How Construction Contractors Can Fight Hearing Loss

Left untreated, hearing loss can reduce earnings by as much as $30,000 a year and lead to unemployment

By Dr. Lisa Tseng, CEO, hi HealthInnovations

It is not surprising that construction industry professionals have a greater risk of hearing loss than most people, considering equipment such as jackhammers can exceed 120 decibels — the equivalent to a heavy-metal concert. Exposure to sounds that loud, over many months and years, can contribute to noise-induced hearing loss. 

Hearing loss has many consequences, affecting people personally and professionally. Left untreated, hearing loss can reduce earnings by as much as $30,000 a year, and people with this condition are nearly twice as likely to be unemployed as their peers who use hearing aids. According to a 2013 survey, 30% of employees said they suspect they have a hearing problem but have not sought treatment.

They are not alone. Hearing loss, commonly associated with older Americans, affects more than 48 million Americans nationwide — 60% of them still of working age. About 22 million employees nationwide, including construction industry professionals, are exposed to hazardous noise levels on the job, according to a recent report from the Occupational Health & Safety Administration (OSHA). Among workers who had been exposed to occupational noise at some point during their career, the prevalence of hearing loss was 23%, according to a 2016 study from the National Institute of Occupational Safety and Health.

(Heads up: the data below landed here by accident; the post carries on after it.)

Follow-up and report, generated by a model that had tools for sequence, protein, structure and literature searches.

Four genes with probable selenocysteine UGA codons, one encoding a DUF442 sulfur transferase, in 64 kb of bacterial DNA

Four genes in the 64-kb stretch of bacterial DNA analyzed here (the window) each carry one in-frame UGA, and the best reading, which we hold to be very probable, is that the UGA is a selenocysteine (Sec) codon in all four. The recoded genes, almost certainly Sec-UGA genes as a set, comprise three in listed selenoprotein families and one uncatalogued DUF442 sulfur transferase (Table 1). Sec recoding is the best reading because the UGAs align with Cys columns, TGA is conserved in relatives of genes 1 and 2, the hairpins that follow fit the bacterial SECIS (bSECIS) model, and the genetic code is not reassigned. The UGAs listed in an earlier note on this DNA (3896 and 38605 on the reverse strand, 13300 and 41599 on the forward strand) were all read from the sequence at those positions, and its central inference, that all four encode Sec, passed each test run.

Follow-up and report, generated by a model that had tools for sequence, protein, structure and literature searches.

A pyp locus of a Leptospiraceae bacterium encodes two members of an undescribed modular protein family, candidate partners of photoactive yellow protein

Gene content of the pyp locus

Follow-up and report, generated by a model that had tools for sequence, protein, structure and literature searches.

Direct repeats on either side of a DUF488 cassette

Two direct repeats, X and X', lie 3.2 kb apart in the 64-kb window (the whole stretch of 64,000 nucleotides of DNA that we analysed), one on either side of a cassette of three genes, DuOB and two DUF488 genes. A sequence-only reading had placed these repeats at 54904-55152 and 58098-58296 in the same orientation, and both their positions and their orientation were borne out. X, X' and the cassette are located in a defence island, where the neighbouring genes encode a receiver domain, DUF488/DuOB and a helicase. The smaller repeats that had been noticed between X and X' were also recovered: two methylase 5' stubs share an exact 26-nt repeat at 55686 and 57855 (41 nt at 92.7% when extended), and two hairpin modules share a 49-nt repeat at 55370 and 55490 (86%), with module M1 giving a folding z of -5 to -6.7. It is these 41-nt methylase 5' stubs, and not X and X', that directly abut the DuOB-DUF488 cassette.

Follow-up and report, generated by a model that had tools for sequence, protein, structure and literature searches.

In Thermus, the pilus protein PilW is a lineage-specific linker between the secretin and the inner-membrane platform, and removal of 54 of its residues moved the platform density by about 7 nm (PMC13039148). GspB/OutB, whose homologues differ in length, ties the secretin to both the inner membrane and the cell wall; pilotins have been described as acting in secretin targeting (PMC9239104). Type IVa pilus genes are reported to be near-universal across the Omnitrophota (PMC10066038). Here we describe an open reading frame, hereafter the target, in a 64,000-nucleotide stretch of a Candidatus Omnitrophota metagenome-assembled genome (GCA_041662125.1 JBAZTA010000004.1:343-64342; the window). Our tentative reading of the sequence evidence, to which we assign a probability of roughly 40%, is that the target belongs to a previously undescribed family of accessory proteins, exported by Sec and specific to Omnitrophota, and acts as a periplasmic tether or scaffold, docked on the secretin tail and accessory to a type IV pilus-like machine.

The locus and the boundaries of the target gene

Early signs of hearing loss include turning up the TV or radio to levels others consider too loud, having trouble hearing in noisy environments or difficulty hearing on the phone. 

To help prevent hearing loss, here are some helpful tips:

  • For people consistently exposed to noise, especially while on the job, consider options such as ear muffs or custom earplugs that offer significant protection.     
  • When attending sports events or music concerts, use ear protection such as inexpensive ear plugs that are available at pharmacies and other retail stores.
  • Limit exposure to loud sounds — including music, lawnmowers and motorcycles — to no more than 20 minutes at a time.
  • Follow the 60/60 rule, which means use earbuds for no more than 60 minutes at a time and at 60% of the device’s maximum volume.

For people with hearing loss, here are tips to improve communications at work and at play:

  • Before a meeting, request an agenda that will make it easier to follow the discussion. Ask for a meeting recap or partner with co-workers to share notes.
  • Select a place at the table that enables you to see co-workers’ faces and watch lips to help enhance speech understanding.
  • Rather than nodding along to a conversation you can’t follow, politely stop the discussion and ask the speaker to rephrase what was said.
  • If recommended, consider wearing hearing aids, which help people hear soft sounds and keep loud noises at a comfortable level.

Preserving hearing health, or obtaining treatment if necessary, is crucial for all Americans but especially for homebuilders and construction industry professionals. Following these tips can help employees in these fields to maintain their hearing health and, as a result, enable them to continue as safely as possible to meet the home and construction needs of America.    

For more information about hearing loss prevention and treatment, visit